regression

regression - 1 Regression Analysis: Some Points to Remember...

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Regression Analysis: Some Points to Remember In applying regression as a forecasting tool, one must be cautious on several grounds: 1. There may be a double jeopardy involved if the values of the independent variable must be forecasted in order to perform a regression analysis. For example if it is determined that gross domestic products has a strong relationship with consumer confidence index, then given values of both variables over several years, GDP can be used as independent variable (X) to forecast CCI, dependent variable (Y). So, if we have values for both variables starting with 1990 through 2001, our regression model could predict CCI for the year 2002. However, to do so, we would need the 2002 GDP! So, this regression forecasting of CCI requires us to first forecast and predict a value for 2002 GDP so we can use that value in forecasting CCI. 2. For a set of X and Y values, the regression model (regression equation) calculated is valid for that particular range of value of X to make a prediction for Y. For example, if the range of values of X that is used to develop the model is from 300 to 500, then in using the model to make our predictions, it would not be wise to step too much outside of that range when predicting Y. Please study the graph and inserts on page 2 of this document for further detail. 3. Regression, correlation, and forecasting go hand in hand. In applying regression analysis, one must always be aware of the correlation coefficient and the coefficient of determination for the analysis. Please see page 3 of this document for details. 4. In using multiple regression analysis, theoretically speaking, for each independent variable, one must have approximately 30 data values. This rule, of course, is often violated in practice. 5. Also read section on Lagged Regression at the end of this document. 1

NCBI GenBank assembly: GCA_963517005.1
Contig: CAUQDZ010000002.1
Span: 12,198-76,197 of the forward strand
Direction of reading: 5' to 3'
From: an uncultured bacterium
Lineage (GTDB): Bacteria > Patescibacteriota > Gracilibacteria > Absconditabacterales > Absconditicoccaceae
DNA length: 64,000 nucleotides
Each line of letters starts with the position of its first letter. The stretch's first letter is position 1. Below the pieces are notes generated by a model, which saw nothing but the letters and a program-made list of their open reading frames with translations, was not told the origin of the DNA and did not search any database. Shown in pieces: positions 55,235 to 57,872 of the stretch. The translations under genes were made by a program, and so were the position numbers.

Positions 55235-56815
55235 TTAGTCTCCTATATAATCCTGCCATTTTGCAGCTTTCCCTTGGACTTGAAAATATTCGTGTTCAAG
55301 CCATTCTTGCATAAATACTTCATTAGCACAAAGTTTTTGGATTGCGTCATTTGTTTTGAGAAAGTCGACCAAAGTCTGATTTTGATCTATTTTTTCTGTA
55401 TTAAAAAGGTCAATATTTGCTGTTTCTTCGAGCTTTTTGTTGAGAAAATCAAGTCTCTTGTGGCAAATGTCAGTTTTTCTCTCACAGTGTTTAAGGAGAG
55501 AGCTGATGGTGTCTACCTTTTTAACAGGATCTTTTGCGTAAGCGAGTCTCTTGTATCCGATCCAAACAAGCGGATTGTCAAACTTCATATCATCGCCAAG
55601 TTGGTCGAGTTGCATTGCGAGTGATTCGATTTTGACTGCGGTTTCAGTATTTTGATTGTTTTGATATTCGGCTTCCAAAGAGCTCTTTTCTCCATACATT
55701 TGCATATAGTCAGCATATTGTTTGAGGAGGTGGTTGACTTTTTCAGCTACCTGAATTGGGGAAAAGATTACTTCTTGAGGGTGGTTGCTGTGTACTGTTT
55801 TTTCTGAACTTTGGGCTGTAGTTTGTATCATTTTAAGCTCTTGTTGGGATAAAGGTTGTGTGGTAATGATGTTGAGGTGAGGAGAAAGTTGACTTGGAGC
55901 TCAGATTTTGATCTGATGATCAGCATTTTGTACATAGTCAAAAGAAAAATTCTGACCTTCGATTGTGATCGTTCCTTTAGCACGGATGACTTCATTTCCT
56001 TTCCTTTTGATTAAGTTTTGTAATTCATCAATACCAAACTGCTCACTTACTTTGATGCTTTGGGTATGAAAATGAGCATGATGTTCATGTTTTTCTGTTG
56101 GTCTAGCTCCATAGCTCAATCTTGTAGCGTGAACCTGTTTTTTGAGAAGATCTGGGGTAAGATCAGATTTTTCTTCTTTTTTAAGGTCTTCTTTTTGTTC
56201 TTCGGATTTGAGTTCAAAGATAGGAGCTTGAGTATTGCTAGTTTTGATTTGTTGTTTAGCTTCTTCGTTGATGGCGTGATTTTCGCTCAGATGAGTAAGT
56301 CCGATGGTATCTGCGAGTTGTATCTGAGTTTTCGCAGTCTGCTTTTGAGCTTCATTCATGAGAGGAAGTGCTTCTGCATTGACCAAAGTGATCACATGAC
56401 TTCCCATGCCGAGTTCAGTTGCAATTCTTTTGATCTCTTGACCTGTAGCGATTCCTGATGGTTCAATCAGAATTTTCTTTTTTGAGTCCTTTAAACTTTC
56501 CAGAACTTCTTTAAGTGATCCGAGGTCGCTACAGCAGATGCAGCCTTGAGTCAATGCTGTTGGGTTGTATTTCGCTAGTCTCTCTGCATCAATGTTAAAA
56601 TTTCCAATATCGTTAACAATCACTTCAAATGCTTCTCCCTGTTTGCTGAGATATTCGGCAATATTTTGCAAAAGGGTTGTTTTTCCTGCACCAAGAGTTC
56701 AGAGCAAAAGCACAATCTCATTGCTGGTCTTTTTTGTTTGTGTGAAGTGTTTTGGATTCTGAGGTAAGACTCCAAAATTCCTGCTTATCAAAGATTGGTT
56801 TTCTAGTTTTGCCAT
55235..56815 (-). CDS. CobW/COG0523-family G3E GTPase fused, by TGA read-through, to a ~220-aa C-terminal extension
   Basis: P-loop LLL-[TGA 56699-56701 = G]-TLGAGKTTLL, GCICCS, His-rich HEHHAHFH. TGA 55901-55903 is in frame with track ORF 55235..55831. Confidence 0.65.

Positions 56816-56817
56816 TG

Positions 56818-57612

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Regression Analysis: Ranging Estimated Y values Y X Xp 2 1. This linear black line is the regression line that forecasts Y for any given value of X. For example, at X=Xp, go up to the regression line and trace your way to Y-axis. The value read on the Y-axis is the estimated value of Y when the independent variable equals Xp. 3. The two non-linear blue lines represent confidence intervals placed on the regression estimates made by the regression equation. You can see that they create a band, which is narrow in the middle and wide at the ends. The middle part sectioned off by the vertical red dashed lines represents the range of X values that were used in calculating the regression equation. 2. These pink normal curves represent the distribution of values for the estimated Y. Actually, there is an infinite number of normal curves that could be placed on the regression line. Here, I have shown only three! Take the middle curve.
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regression - 1 Regression Analysis: Some Points to Remember...

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